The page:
Two golf maintenance crew members raking a bunker

How to Make Golf Course Specialty Equipment Work Smarter for You

Maximize the benefits of your equipment and find out our experts’ picks for the five pieces of specialty equipment every golf course should have. 

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With the industry moving toward more frequent, finely tuned applications and treatments for turf, you may be using your equipment more and in a different way. Learn how to use your equipment to its best advantage and find out if you’re properly equipped with our experts’ picks for the five pieces of specialty equipment every golf course should have. 

1. Sprayer 

Frequent and lighter applications of fertilizer and plant growth regulators not only benefits the environment, it’s also good for your turf. This method allows you to better supply what the plant needs, when it needs it.

Today’s sprayers help support this practice with technology that enables precise, prescribed spraying. Highly computerized, these sprayers consider weather conditions and plant growth. Some sprayers are even GPS-driven. If you’re getting overlap or drift with your current sprayer, consider upgrading to one of the newer models.

2. Topdressing Machine 

Topdressing with sand reduces compaction and improves the smoothness and speed of putting greens. With newer topdressing machines, you can apply a small amount of sand more frequently. Players like it, as the sand is more readily incorporated into the turf canopy and less noticeable when putting. Your golf course maintenance budget will like the light touch of these newer topdressing machines as less sand gets into mowers and grinds down equipment.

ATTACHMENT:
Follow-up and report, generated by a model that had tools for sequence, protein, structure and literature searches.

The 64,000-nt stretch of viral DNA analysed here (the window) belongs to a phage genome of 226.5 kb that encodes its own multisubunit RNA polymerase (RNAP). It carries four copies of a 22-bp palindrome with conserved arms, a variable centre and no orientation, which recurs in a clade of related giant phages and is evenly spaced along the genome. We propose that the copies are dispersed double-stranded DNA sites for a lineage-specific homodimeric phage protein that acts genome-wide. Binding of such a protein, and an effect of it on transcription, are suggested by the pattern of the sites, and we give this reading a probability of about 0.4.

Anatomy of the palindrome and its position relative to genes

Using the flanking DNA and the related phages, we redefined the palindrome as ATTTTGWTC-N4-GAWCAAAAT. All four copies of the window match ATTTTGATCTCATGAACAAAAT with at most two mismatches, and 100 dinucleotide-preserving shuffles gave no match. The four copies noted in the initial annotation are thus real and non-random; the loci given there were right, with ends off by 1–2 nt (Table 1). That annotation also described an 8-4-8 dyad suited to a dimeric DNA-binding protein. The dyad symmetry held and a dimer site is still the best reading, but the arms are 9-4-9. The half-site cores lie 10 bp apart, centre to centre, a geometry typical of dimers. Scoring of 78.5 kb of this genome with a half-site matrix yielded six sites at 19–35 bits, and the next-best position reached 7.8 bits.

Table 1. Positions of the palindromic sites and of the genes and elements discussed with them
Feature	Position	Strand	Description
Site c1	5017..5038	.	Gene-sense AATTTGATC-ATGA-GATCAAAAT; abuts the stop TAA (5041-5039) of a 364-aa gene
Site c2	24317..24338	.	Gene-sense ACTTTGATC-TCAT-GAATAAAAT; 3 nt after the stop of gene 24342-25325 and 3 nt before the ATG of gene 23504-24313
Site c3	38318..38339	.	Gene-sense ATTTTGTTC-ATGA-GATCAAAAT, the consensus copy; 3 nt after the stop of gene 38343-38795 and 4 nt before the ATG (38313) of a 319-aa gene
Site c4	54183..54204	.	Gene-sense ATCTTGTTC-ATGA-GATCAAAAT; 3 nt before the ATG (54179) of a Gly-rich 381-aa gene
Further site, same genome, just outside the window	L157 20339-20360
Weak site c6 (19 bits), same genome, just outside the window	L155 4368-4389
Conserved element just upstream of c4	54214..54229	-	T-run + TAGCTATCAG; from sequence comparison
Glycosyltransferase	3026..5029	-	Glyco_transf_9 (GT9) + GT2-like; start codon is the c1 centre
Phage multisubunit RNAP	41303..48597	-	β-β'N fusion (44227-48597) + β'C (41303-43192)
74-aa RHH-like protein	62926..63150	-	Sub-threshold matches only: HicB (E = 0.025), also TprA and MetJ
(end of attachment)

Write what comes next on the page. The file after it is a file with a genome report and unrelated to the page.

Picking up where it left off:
golf course maintenance crew member operating a greens roller
Don't let your roller collect dust. Using it more frequently could improve the health of your turfgrass.

3. Canopy Management Tools 

No doubt your canopy management tools include verticutters and groomers, but have you considered adding brushes to the mix? You might want to.

Today’s brushes offer one of the most effective ways to manage shoot growth on the top of turf. This is important from a playability standpoint as green speeds and ball roll are highly affected by excess turf growth.

Brushing potentially reduces organic matter that accumulates over time with dead or decaying shoots that slough off and become thatch. Easily retrofitted on any mower, brushes also help grasses stand up before mowing and pull up dead or decaying material in the plant’s crown. Your golf course maintenance crew may have used brushes in the past, but the newer ones are much less aggressive, more effective and well worth considering.

4. Aerification Tools 

Most likely you have aerification tools in your golf course maintenance arsenal but you may not be using these tools to their best advantage. Rather than restricting use of this equipment to spring or fall growing seasons, try aerating every two to four weeks and using needle tines to improve oxygenation and surface drainage of the soil. Players won’t even notice that you’re doing this, but your turf will, as this practice improves surface drainage and delivers more moisture and oxygen to turf roots.

5. Rollers 

Again, your golf course probably has a roller, but is your team using it enough? Research has shown that lightweight and frequent rolling helps reduce the occurrence of some turf diseases, such as dollar spot. Rolling can also be less stressful to turfgrass than mowing, so consider increasing the frequency of rolling to one to three times per week and reducing the frequency of cutting or mowing.

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